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Archive: Kishikuni (岸國)

Nakamura Utaemon III as Ishikawa Goemon in Kinmon gosan no kiri at the Naka no Shibai, Osaka
Kishikuni ga (きし国画)
No artist seal
No publisher seal
(H x W)
Ôban nishiki-e
39.3 x 26.3 cm
Excellent deluxe edition, on thick paper
Very good color and condition, unbacked; stray pigment in Hokusai-like wave and LR corner tile, tarnishing on upper pillar and near lotus at UR due to typical de-oxidation
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The historical Ishikawa Goemon was a notorious masterless samurai (rônin) during the reign of the shôgun Toyotomi Hideyoshi. At age sixteen he murdered three men while attempting to steal from his master. After his escape, he lived as a bandit for the next two decades until, in 1594, he was finally captured during a failed attempt to kill Hideyoshi. Goemon met a grisly end by being boiled in oil.

The theatrical Goemon was transformed into a hero ― fearless, elusive, and endowed with magical powers. The first staging of Goemon’s exploits occurred in the 1680s. Kinmon gosan no kiri (金門五三桐) premiered in 1788 as a five-act drama (it was renamed to Sanmon gosan no kiri for its premiere in Edo in 1800). It recounts Goemon's efforts to take revenge against Mashiba Hisayoshi (a pseudonym for the historical Hideyoshi), the enemy of both his adoptive and natural fathers. The gosan ("five, three [of paulownia]") in the title refers to the five flowers on the three stems above the paulownia (kiri) leaves, Hideyoshi’s particular version of the kiri crest (visible on each sleeve), for centuries symbolic of imperial and shogunal power.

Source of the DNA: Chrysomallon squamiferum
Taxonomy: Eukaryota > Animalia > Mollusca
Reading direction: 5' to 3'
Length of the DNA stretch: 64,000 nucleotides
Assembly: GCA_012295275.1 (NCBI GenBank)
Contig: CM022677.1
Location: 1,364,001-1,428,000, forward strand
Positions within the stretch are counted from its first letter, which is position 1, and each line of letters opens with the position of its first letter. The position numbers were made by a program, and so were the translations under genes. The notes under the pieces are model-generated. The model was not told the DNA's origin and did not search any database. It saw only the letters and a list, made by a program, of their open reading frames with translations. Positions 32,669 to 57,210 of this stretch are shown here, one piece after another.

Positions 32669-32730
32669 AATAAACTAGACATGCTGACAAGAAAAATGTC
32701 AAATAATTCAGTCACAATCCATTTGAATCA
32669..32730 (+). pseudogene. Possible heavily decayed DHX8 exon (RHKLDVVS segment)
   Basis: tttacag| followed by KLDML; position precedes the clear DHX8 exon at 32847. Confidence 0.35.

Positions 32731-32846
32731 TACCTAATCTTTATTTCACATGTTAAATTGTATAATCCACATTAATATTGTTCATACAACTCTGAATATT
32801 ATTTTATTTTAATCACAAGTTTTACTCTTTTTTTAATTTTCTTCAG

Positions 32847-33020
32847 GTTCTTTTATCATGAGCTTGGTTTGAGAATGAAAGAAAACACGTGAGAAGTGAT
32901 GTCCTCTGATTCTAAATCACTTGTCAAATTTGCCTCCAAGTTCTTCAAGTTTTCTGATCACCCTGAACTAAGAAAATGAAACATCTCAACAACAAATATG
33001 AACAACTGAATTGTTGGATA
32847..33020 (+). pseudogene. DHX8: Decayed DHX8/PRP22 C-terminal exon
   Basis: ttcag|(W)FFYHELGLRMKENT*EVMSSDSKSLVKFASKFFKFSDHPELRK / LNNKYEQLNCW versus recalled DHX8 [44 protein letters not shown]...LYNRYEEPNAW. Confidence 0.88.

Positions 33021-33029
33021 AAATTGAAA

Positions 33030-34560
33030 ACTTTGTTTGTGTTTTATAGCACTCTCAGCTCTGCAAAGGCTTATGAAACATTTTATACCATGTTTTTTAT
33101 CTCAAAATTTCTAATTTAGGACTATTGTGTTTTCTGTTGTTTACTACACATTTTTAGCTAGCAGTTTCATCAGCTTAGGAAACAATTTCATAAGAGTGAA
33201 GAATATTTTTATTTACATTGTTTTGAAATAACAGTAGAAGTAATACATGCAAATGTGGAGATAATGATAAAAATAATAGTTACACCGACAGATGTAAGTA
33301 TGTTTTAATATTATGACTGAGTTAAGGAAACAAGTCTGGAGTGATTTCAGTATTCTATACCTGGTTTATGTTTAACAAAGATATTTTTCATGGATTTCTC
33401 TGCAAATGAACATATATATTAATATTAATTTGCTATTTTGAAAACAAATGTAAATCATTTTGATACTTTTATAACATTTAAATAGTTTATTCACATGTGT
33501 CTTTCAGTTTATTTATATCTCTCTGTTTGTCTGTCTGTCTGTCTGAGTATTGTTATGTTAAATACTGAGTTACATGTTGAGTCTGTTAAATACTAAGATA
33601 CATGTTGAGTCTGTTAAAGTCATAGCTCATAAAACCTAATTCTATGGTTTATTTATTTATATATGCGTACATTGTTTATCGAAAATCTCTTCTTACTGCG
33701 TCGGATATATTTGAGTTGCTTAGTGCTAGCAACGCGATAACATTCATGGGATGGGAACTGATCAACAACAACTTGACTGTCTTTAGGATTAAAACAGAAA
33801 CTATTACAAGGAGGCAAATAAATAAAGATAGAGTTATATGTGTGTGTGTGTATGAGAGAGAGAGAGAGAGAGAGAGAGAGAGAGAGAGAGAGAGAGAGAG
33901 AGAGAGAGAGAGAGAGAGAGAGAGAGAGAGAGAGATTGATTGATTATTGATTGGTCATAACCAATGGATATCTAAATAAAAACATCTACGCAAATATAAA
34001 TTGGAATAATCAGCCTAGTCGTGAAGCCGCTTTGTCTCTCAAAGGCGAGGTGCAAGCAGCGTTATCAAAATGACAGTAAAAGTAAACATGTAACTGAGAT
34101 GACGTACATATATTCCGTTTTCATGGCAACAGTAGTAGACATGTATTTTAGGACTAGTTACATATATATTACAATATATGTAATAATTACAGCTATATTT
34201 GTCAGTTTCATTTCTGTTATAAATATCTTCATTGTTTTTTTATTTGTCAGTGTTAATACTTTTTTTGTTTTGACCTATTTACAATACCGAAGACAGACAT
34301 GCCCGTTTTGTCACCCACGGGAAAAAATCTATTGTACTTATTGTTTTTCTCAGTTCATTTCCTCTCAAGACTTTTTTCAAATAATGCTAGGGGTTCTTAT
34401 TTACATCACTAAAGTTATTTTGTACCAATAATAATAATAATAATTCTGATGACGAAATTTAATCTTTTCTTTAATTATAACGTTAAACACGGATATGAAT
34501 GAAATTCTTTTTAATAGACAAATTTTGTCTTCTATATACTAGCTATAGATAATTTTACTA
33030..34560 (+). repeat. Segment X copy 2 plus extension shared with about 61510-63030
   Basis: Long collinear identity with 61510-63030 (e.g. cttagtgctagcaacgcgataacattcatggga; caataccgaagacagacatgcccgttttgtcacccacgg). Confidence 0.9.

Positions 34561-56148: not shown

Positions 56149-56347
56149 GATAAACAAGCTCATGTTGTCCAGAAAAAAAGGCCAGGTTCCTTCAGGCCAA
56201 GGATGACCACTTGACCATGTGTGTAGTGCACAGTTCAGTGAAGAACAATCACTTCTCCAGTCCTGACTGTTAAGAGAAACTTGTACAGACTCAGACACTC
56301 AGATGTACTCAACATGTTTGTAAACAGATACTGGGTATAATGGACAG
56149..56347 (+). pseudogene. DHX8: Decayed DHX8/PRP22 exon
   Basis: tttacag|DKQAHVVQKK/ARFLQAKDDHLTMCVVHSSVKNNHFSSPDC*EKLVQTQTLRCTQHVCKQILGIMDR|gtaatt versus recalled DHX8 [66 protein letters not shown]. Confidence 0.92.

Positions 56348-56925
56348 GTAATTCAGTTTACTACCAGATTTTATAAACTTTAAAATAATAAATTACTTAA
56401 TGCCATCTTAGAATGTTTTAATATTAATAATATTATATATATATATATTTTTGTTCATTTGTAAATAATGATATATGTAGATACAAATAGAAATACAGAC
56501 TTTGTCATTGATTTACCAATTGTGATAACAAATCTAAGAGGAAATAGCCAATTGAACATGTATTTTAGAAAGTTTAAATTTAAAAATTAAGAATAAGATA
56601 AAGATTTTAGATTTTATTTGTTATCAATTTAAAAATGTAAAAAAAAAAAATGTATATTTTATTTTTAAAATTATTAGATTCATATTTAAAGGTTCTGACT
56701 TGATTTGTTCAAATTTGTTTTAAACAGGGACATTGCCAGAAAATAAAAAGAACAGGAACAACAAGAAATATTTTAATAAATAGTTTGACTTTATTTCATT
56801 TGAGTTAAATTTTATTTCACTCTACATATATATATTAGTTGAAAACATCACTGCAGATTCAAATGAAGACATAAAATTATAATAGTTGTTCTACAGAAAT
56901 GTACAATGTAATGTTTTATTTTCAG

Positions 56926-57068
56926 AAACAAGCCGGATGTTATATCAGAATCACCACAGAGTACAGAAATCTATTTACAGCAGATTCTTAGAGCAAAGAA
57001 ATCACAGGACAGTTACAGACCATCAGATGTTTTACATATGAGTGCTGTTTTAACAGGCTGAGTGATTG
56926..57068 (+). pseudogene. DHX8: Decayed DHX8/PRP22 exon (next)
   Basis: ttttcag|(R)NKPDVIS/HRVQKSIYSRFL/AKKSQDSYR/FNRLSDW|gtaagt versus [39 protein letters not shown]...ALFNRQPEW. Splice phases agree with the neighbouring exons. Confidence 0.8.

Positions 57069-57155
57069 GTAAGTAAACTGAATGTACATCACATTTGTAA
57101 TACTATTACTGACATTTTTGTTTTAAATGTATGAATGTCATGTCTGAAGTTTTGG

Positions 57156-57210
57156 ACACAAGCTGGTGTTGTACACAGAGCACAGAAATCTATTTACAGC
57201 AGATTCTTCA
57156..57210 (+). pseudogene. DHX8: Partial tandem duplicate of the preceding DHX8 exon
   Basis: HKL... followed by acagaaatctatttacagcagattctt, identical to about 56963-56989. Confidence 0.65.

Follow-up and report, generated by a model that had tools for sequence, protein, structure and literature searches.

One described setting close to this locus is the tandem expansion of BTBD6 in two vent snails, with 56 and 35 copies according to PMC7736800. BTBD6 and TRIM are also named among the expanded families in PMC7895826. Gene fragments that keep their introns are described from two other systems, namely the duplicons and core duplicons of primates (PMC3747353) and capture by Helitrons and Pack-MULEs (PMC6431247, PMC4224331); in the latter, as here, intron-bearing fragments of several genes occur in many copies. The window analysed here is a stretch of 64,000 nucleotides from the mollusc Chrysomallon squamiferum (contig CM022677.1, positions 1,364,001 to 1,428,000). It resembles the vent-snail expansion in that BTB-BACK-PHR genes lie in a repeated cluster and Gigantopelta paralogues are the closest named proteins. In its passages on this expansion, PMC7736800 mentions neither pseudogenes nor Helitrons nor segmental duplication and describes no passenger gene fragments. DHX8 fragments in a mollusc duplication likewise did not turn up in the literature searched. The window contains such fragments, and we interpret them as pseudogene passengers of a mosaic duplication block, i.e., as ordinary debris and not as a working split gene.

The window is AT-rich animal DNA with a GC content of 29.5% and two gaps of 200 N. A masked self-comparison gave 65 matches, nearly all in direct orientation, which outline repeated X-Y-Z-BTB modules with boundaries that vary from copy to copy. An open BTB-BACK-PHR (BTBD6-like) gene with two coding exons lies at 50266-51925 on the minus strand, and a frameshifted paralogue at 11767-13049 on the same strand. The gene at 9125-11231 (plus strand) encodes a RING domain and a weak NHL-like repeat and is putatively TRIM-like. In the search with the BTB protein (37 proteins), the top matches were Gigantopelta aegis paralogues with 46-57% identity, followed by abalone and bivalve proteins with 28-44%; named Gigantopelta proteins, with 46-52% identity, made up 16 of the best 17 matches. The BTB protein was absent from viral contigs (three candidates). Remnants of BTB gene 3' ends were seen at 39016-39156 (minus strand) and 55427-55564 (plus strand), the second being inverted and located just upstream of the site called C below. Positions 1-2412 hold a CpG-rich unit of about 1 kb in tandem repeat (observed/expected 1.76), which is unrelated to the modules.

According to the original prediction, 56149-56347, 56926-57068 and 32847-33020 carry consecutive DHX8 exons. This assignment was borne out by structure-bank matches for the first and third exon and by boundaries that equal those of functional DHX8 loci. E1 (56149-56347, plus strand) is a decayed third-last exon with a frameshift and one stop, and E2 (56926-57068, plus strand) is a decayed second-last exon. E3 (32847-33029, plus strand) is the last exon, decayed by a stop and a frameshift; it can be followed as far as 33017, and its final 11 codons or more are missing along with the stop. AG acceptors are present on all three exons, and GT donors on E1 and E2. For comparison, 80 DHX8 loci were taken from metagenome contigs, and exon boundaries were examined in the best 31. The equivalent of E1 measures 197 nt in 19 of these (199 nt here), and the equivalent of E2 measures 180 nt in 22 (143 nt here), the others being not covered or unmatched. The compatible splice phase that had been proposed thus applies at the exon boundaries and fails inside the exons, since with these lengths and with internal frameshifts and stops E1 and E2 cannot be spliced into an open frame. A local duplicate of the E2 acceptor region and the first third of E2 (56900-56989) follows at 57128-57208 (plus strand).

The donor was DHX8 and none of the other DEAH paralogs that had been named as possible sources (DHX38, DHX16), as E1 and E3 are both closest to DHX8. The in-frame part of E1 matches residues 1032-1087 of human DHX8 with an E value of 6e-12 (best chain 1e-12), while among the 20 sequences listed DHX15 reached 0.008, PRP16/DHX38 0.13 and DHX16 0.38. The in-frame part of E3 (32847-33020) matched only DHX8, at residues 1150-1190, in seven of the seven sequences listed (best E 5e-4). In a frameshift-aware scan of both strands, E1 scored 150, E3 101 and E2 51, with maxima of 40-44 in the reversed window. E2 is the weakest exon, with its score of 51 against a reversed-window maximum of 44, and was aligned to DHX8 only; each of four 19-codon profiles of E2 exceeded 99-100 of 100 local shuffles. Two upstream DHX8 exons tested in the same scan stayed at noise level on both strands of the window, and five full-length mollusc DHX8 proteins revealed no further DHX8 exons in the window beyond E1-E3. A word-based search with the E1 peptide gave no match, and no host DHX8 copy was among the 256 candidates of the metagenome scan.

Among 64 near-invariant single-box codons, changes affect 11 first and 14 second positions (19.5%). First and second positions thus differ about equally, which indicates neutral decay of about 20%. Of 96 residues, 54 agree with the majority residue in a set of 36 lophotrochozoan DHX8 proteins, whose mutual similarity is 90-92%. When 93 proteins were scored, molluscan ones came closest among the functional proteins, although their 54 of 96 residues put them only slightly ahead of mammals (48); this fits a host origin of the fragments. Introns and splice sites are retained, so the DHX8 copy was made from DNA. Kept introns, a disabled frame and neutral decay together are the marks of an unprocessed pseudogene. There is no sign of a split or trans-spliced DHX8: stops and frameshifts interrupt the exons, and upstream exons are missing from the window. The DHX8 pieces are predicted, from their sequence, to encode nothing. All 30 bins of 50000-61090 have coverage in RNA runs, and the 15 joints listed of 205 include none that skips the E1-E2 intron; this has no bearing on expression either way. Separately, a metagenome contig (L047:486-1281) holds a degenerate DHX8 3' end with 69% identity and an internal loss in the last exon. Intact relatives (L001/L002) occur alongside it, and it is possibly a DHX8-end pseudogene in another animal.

While admiring the beautiful hanging cherry blossoms, a hawk flies to Goemon atop the main gate of the Nanzen Temple in Kyoto. The bird holds a kimono sleeve in its beak with an inscription — written in blood — informing him that his murdered father was involved in a plot to overthrow Hideyoshi in the name of the Chinese emperor.


Goemon is depicted on the balcony of the Nanzen Temple gate, where he is hiding from Hisayoshi, though still finding the time to admire the cherry blossoms (visible at the lower right). Below the balcony a pilgrim will soon appear — Hisayoshi in disguise, hunting for his enemy Goemon. (The bandit's bushy wig was meant to signal that he had been on the run for months, unable to shave his pate.)

The temple gate represented one of kabuki's most impressive settings, with a magnificent vermilion gate operated by a mechanical lift that elevated the balcony high above the stage. The orange colorant used in Kishikuni's print — a substitute for the conventional vermilion of the famous gate — dominates the palette of this design.

Hôgadô Kishikuni's (芳雅堂) works are rare. He was active circa 1821-1825 and appears to have been a pupil of Yoshikuni. We have not yet located another impression of this design.